To Remember Animals

A Work in Progress

A rabbit starts the discussion off.

“The problem” he says “is that there is no place, except for a vanishing place, for animals in these modern times.”

“Animals—for those of you gathered here and not in the know—is a term that describes a loosely amalgamated group of multi-celled organisms that are lumped together, merely because they aren’t human, although humans are animals too. This contradiction does not seem to bother them over much. So humans can have it both ways: they can be human and they can be animals but we can only be animals, and as such, we are disappearing. That is except for, of course, the animals humans don’t like. such as myself and my fellow rabbits, Mr. Crow’s family to my right, all you Canadian geese –pardon my forwardness and don’t shoot the messenger.”

All the animals in attendance wince at “shoot me”—a tactless choice of cliché.

The Crow responds:

“No offence taken on behalf of my species. I understand humans dislike us most of all the animals. A distinction my murder and I are especially proud of. You know, it’s our tool usage. It just doesn’t fit in their well-ordered order of things.”

Rabbit continues:

“Humans, I am told, are in a state of melancholia about our absence—or least the absence of the animals that they like.”

Tiger speaks:
”I feel I must interrupt and remind the other animals present that my species has been hunted to extinction—or near enough to it—and the reason we are vanishing is that humans did not like us much to begin with. So it seems a contradiction to say the animals humans like are vanishing, or more specifically to say that only the animals humans like are vanishing.”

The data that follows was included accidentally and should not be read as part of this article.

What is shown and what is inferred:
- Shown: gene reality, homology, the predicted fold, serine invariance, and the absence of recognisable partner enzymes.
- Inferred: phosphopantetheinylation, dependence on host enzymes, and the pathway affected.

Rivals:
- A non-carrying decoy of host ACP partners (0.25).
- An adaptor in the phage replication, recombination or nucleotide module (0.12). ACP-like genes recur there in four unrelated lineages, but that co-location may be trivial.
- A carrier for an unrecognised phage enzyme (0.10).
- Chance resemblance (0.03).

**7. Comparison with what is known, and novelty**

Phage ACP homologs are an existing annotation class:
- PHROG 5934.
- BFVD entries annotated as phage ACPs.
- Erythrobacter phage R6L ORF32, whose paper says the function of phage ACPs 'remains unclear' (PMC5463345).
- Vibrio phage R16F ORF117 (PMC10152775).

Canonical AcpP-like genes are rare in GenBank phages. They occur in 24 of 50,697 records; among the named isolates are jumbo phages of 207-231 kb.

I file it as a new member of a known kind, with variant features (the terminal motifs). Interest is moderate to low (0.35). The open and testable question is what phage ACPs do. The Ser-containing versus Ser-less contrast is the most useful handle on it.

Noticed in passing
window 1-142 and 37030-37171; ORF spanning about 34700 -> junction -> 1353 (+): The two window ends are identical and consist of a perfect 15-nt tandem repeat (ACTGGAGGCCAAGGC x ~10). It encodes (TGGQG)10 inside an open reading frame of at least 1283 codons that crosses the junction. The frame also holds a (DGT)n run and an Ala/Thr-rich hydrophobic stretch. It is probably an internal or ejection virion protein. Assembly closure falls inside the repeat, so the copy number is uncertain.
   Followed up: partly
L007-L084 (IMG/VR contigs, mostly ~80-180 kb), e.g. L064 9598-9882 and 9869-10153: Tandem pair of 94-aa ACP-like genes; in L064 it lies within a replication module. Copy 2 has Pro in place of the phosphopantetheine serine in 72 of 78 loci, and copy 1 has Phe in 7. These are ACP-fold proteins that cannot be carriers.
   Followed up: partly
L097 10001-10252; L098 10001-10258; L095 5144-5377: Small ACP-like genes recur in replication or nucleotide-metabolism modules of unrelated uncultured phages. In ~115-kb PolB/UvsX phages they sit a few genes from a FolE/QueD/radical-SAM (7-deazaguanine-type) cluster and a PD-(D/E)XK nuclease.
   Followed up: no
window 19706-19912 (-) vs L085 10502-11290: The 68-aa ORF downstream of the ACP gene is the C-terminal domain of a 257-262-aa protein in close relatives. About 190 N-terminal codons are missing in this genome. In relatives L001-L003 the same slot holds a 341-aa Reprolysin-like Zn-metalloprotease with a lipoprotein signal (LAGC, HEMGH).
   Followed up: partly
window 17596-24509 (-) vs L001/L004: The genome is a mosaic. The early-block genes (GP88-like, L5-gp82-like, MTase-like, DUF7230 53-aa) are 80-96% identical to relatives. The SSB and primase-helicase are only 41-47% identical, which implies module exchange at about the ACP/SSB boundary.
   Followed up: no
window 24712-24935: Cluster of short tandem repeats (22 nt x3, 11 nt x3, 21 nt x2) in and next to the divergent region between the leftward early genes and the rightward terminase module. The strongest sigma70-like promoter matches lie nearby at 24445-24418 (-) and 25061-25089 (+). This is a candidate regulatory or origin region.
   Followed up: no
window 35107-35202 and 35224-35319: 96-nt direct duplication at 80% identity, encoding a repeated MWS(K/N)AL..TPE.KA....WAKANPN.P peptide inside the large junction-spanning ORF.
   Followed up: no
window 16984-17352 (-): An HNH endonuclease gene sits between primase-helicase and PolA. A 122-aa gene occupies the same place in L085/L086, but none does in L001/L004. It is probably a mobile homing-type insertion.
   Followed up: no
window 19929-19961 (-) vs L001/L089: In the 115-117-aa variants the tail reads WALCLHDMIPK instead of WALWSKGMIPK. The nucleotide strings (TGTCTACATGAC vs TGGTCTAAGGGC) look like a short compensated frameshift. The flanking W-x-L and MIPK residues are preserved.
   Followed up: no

“I can answer that. You have to contextualize things here. We are speaking of modernity being distinguished by a nostalgia for the absence of animals. I think this is where the rabbit was going with his melancholia—a Freudian interpretation of incomplete mourning.” He pauses, looks to the rabbit who confirms this conclusion with a twitch of his whiskers. “Now of course, prior to the advent of modernity, humans were pretty busy making sure that they would feel a sense of loss by killing as many of us as they could. Now the species that are disappearing, are the ones the humans are in a incomplete state of mourning for.”

A rousing chorus of “Hear. Hear.”


“Thanks ever so much Mr. Crow. You can really see how your species has managed to avoid the fate some of the others have been hard pressed to avoid, by that I mean the fate of vanishing.”

The Canadian Goose:

“Before we go any further, I would like to discuss the Aristotle’s view that animals are sentimental communities and that we can only express pleasure or pain amongst ourselves, and because we cannot form speech to express our pain or pleasure, we are incapable of exacting justice outside of our intimate communities.”

The Crow (again):

“So what he is saying is that, pardon me Mr. Rabbit, if a rabbit cries out after a particularly grueling make-up experiment, then his pain is essentially meaningless, because he can’t say to the scientist, ‘Fuck. That hurts like a son of bitch’ for instance. Excuse the choice of language here.”


“Well, really it is all about the choice of language: the choice to use language isn’t it?”

”Well, I think it is particularly stupid of the human not to realize that when they staple my eyelid open and stick a wad of mascara in it that that’s gotta hurt like a son of a gun.”

Another loud chorus of  “Hear. Hear.”

The Rabbit continues:

“Sorry. I try to keep this discussion on an intellectual level but every now and then…well you know I am only rabbit.”

The Media Theorist finally arrives:
”Wow. I am sorry I came into this discussion late. You know what with modernity, it is hard to be everyplace at once. Not unless you’re omniscient and, of course, I am not. And as we have discovered, nothing is.”